The Centre for Educational Technology, Interoperability and Standards has published «Beyond MOOCs: sustainable online learning in institutions», which states as executive summary:
Archive for January, 2014
The article on the evaluation of the first year of Harvard MOOCs in edX concludes that registrants in these courses are not «regular students» and their behaviour differ from the traditional K-12 or post-secondary institutions. As registration has no costs or commitment, certification rates are usually low.
Some people may enroll just to access a particular aspect of a course. Partcipants engage in different ways within and across the courses and course are built to meet diverse forms of participation. Certificate earning may not be the most important issue for many participants. Some may just want to watch some videos and read some texts. Some may focus on a few chapters and then go explore other courses. Some may want to test themselves and engage in assessment. The diversity of motivations is revealed in the data and certification rates is misleading the representation of this diversity.
MOOCs are not a monolithic collection of courses. The nature of curses may differ a lot and the kind of participants they atract may also differ. The Harvard Health courses atract more highly educated participants and atract many foreign registrants, this is different from the computer science courses. Different contexts for different sectors.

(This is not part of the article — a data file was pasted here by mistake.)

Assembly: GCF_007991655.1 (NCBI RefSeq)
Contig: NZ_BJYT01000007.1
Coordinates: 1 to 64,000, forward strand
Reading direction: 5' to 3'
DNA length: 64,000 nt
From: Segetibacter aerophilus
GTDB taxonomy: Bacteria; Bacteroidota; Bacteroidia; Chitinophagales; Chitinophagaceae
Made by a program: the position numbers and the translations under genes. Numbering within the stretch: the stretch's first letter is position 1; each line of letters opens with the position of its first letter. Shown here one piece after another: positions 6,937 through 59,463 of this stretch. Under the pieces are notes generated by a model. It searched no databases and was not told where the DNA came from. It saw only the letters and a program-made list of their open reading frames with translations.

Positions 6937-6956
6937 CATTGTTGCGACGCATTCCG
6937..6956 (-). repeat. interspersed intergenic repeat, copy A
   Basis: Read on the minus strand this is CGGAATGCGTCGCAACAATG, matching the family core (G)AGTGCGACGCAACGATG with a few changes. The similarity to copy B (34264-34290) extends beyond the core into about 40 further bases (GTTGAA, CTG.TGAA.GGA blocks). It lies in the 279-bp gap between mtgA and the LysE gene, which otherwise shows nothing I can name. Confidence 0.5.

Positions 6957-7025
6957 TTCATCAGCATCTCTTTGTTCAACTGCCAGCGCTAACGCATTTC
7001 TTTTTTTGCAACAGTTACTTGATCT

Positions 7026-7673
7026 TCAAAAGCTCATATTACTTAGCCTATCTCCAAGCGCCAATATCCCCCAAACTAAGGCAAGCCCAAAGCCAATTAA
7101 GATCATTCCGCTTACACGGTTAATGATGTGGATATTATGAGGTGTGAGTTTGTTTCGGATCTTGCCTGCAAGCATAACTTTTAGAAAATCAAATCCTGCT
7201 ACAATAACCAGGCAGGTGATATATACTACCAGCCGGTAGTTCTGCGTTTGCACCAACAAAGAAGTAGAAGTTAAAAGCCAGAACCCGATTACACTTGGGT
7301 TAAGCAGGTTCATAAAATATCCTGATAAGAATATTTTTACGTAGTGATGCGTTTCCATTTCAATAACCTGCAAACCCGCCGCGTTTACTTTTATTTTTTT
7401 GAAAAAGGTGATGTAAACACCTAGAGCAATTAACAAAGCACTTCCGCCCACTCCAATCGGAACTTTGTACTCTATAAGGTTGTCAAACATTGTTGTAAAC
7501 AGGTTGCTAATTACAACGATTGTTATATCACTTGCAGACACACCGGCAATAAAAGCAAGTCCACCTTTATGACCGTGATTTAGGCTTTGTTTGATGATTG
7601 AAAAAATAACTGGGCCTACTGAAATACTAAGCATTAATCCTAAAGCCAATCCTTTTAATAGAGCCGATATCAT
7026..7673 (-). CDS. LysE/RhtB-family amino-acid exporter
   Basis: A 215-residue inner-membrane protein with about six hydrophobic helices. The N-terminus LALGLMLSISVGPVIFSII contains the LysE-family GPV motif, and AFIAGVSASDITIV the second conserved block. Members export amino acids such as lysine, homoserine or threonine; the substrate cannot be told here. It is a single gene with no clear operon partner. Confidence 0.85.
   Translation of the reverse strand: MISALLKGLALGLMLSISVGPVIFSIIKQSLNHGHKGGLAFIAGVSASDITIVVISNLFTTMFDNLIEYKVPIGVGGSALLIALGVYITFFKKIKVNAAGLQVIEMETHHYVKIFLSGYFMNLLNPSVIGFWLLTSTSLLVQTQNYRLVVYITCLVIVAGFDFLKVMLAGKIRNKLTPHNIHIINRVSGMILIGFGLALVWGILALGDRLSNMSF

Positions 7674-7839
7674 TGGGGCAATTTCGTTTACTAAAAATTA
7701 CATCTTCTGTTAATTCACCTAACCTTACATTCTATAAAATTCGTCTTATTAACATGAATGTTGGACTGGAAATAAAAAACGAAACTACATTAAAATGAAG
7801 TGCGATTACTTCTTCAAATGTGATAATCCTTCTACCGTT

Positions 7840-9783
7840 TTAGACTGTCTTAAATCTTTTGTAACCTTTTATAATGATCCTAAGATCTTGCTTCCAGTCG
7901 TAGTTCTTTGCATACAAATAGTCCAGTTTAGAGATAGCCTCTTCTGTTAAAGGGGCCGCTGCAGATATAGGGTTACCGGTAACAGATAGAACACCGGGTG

There’s still much investment required in assessment research. Pre-testing may be required to measure what participants have learnt at the end of a course.
Open online courses are neither useless nor the salvation of HE. In certain sectors they may be extremely important in other ones not so relevant. The ability to identify new opportunities will improve with continued research.
A collection of papers were published by MITx/Harvard on MOOCs results:
Several visualizations are offered, such as a world map of enrollments (up to jan 12 2014) in all MOOCs by Harvard with a total number of almost 1 million participants (992.508 in 226 countries).
So far portuguese enrollments goes to 6.508, joining 29.882 from Brazil.
There’s still a predominance of male registrations (59%) versus female (33%) – http://harvardx.harvard.edu/harvardx-insights/gender-composition
Education degree is high
A world map view of education degree
Average age of enrollments is a young sector – 28 years